Racial slurs are handled very differently, with ZA/UM choosing for the most part to come up with fictional slurs that get across the hateful intent without the game itself directly becoming a vehicle for hate speech. I don’t feel equipped or qualified to unpack this fully, but Disco Elysium‘s portrayal of fictional racism is pretty messy, in a way that is well-intentioned but still centres whiteness. There is a lot of scope here for in-depth writing by people of colour about how the game handles racist language, the consequences of racist behaviour, and Harry’s white privilege. The game gestures at the possibility that racist police violence is rooted in weakness, by making it almost always happen as a result of failed authority checks, and always makes racism an unpleasant thing to participate in; Steven Scaife has written favourably that Kim’s displeasure in response to racist speech is an effective deterrent, giving the players meaningful negative consequences to their actions. However, I think this overreliance on dialogue with Kim can give the game’s treatment of racism a detached, didactic tone. I’ve seen Harry die of a heart attack because he sat on an uncomfortable chair, and experienced “game over” screens due to catastrophic loss of “morale” (another health meter alongside physical health), yet when I as the player was left reeling after seeing a failed authority check result in him yelling racist insults at Kim, Harry’s own morale loss was perfectly survivable.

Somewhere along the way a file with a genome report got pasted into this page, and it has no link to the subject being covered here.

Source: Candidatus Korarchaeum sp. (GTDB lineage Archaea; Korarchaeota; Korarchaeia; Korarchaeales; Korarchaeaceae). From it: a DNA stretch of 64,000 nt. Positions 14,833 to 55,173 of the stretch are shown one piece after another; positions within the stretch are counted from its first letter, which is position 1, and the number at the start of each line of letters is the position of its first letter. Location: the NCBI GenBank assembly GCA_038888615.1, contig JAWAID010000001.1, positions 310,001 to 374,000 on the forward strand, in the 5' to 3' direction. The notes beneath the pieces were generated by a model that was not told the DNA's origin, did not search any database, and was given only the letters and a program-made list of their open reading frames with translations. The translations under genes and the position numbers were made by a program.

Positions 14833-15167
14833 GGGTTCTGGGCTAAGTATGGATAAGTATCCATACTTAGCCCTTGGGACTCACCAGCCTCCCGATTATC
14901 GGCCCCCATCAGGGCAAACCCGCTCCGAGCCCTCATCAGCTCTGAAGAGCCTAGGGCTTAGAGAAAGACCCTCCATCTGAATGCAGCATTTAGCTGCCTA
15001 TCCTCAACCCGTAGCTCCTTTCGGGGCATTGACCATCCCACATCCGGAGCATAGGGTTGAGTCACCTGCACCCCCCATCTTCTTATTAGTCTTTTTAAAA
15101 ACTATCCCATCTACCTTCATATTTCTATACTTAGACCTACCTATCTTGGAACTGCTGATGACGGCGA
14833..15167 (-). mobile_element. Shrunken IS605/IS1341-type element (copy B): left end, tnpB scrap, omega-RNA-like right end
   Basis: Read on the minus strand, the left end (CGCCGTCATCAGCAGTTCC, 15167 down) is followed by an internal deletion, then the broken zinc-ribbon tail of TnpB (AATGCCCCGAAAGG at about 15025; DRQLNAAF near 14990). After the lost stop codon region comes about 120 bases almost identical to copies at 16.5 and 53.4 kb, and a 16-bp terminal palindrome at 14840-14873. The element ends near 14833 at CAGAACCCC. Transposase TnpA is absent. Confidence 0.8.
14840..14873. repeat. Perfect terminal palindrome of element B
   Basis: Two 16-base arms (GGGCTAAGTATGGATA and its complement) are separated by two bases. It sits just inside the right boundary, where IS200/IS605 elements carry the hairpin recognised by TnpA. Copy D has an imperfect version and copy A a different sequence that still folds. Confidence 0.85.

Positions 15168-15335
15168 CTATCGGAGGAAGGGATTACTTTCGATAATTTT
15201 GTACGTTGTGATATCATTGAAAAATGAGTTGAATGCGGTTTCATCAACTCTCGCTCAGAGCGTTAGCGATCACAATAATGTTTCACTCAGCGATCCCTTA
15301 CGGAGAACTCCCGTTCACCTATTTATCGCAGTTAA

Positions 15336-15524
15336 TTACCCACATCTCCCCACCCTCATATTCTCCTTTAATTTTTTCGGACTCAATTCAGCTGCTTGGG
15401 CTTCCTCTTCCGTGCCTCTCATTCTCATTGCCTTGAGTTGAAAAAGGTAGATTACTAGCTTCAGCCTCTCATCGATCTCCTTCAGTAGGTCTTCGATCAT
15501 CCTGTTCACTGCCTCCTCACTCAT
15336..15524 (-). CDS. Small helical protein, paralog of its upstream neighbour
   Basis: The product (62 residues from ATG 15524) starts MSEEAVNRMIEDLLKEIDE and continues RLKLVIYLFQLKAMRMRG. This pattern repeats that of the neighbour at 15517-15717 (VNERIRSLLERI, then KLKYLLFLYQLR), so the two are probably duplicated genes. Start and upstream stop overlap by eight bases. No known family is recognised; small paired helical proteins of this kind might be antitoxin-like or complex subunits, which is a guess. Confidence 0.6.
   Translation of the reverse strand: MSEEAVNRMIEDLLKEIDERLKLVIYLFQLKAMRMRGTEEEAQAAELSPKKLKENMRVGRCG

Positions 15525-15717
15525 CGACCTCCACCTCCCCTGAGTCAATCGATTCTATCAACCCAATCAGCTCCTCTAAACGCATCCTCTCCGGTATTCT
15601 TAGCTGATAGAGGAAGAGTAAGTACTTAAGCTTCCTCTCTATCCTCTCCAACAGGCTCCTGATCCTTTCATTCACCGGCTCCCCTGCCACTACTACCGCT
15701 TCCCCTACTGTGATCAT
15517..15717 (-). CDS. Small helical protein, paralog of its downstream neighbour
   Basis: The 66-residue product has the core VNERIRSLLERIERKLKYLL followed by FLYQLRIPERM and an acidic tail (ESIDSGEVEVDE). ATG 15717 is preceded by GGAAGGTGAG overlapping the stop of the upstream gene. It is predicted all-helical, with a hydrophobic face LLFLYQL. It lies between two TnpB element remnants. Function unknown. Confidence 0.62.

I think it is unfortunate that, in my playthroughs at least, racism ended up having less material consequences for Harry than bad office decor, but one could certainly argue that this is a realistic portrayal of white privilege. The point I want to make here is that racism is portrayed in a relatively detached way, as a fictional feature of the worldbuilding that Harry and the players can learn about, and even participate in, without being directly affected by it.
In contrast, homophobia seems to be handled with a strong sense of interiority – it seems to matter directly to Harry himself, though he isn’t sure why. This is consistently brought home in mechanics, dialogue, visuals, and even haptic effects such as the noise sound that blocks out “F****t”. This visual and auditory layer makes the effect of the word seem to resonate in the body of the protagonist. Homophobia is linked to the composure skill. Insulinde is a world with patriarchy, feminism, and a “homosexual underground”. In the context of a society haunted by sexual shame, f****t points to a figure that may or may not be lurking in the shadows, hiding underground. Unlocking the “homosexual underground” thought requires passing a composure check with an arrestingly attractive man – Kim quietly mocks Harry for being unable to make sense of his own attraction to this suave smoker on the balcony. This connection between sexual shame and composure plays out again after acquiring the PISSF****T jacket, when it is the voice of composure that celebrates, “did you just graduate from the École normale supérieure de badassery?” Composure could be intepreted as similar to pride, but it carries with it an extra valence connected with emotional regulation. Composure is what is needed in a space where pride never goes unchallenged. Kim’s composure seems to be endless – it must be, for him to keep coming back to work with Harry each day.